• South Carolina's Revolutionary War records only a click away

    By: ROBERT BEHRE, The Post and Courier of Charleston

    Updated:
    COLUMBIA, S.C. (AP) - During the Revolutionary War, more than 10,000 South Carolinians helped the American cause either by fighting in the militia or providing food, horses or other aid.

    Most kept a record of their service in hopes the patriots would win and they would be paid back by their newly established government.

    It turned out to be a good bet.

    Taken together, these records paint a thorough picture of how the colonists were able to band together to successfully fight off the British, even after British troops successfully seized Charleston and captured thousands of American soldiers. The records also provide key facts for families looking to research their ancestors' role in America's founding fight.

    And now they're online, making them easier than ever to use.

    The records, most of which date from about 1780 to 1786, have been among the most popular among researchers, said Steve Tuttle, deputy director of archives and records management with the S.C. Department of Archives and History.

    "They really are an excellent source for anybody who wants to know what an individual was doing in their service in South Carolina during the Revolutionary War," he said.

    "It also tells how South Carolina kept a militia in the field when there was no government anymore," he added. "It was a very clever way of financing the revolution. If you lost, you didn't have to pay all these receipts off."

    The records almost didn't survive.

    During the Civil War, when Union Gen. William Tecumseh Sherman's army was approaching Columbia, the records were sent by train to Chester, Tuttle said. They were brought back after the war and tucked in the Statehouse attic.

    They were transferred to the newly established state historical commission in 1905 and organized by name, Tuttle said.

    "If there was more than one 'John Smith,' all the John Smith papers still went into one file," he said.

    The records were placed onto about 165 rolls of microfilm, but residents still needed to take a trip to view them.

    Michael Scoggins of York County's Southern Revolutionary War Institute took on the task of digitizing the records so the state could put them online. He was aided by a $40,000 sum from the National Park Service.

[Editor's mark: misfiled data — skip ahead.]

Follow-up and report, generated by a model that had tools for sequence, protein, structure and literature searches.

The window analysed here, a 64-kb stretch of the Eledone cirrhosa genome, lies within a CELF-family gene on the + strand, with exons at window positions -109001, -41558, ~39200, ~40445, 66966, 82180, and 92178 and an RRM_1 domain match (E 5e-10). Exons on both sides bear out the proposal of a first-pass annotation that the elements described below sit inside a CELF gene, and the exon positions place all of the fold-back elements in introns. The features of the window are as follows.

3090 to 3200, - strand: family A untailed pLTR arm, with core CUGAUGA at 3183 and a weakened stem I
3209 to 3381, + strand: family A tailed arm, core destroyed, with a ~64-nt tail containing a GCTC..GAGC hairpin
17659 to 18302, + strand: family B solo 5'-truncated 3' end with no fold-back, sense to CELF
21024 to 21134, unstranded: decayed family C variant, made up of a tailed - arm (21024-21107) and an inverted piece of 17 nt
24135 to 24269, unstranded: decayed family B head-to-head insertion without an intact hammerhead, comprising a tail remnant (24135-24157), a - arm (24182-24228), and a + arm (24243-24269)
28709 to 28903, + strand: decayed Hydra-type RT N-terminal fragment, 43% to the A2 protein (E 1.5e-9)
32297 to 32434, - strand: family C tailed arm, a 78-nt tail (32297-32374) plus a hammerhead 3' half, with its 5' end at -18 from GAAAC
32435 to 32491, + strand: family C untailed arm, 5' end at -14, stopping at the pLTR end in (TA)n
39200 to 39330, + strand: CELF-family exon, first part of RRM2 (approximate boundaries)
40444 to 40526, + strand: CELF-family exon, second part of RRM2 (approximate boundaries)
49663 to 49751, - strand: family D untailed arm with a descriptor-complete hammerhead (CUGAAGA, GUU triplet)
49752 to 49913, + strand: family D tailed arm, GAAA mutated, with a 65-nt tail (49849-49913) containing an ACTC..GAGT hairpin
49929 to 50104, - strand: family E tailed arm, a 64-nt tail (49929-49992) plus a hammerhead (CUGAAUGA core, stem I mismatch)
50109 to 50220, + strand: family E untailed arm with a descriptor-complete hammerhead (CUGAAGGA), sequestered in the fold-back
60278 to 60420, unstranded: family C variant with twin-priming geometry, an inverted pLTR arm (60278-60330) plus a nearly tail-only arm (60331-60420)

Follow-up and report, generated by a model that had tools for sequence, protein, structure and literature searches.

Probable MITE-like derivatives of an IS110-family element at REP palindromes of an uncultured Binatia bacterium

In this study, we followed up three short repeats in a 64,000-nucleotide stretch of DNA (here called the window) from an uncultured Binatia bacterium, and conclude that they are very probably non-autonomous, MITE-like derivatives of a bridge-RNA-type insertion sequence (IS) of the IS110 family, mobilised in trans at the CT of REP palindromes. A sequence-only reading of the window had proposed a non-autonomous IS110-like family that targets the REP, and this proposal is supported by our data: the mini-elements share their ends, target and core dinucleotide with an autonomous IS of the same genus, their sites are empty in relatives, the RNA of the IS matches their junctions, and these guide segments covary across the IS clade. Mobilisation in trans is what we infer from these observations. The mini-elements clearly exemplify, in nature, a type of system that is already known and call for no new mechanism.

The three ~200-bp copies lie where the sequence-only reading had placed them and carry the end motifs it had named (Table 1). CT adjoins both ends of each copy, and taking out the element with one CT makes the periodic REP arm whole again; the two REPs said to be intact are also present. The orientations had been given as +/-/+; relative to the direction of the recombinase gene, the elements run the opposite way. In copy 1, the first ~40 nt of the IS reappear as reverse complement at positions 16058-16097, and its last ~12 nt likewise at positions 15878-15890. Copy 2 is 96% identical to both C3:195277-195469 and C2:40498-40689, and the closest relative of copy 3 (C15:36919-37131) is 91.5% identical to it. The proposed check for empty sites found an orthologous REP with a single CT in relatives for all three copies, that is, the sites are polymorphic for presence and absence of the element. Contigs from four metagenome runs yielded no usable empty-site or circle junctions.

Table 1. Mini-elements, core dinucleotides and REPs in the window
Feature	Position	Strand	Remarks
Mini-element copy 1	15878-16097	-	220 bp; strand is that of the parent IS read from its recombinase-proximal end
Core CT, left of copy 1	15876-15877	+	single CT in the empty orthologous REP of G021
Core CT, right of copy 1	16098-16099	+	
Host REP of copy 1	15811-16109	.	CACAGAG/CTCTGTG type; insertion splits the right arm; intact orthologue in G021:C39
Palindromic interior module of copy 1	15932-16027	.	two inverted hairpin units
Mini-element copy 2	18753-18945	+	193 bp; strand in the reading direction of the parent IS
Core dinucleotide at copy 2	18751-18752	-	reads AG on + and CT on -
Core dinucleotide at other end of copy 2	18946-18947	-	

To view the Revolutionary War records, go to http://www.archivesindex.sc.gov.

    Enter the Online Records Index, then use the Advanced Search option and choose the Record Group "Combined Index to Records Series, 1675-1929" and the Series "S108092: Accounts Audited of Claims Growing Out of the Revolution."

    Having a problem? Call 803-896-0339 or email info@scdah.sc.gov

    While similar records exist in states that once made up the 13 American colonies, Scoggins said South Carolina's trove is rich, partly because of the amount of fighting here.

    "South Carolina probably had more Revolutionary War skirmishes and battles than any other state," he said. "There were more than 300 battles and skirmishes here between 1775 and 1783. It's a lot more than that."

    In recent decades, historians have stressed the pivotal role of the war's southern theater, where a civil war-like clash kept the British from consolidating their success at Charleston in 1780 into a force that could push north and challenge Gen. George Washington's army.

    There are 11,170 documents in total, and most files include the name of claimant, a description of their service provided, the amount of their claim and any interest due. Some also include a claimant's signature, as well as receipts.

    They show the pay for a militia member varied depending on whether they used their own horse. They also were reimbursed for clothing or equipment lost in battle.

    Scoggins said researchers unfamiliar with 18th century documents will face some challenges, such as multiple people in a single file. For instance, there appear to be claims from at least four different men named John Steel (or John Steele) in one file.

    Other obstacles include reading quill and ink handwriting and knowing the jargon and abbreviations common during the era.

    "These records are great, but it takes a little bit of scholarship and a little bit of work to understand what's in them," he said. "There's a learning curve you have to go through."

    For those who find what they were looking for, the effort will be well worth it.

    "This is one of our most heavily used record series we've got," Tuttle said. "A lot of people are interested in what their ancestors did."

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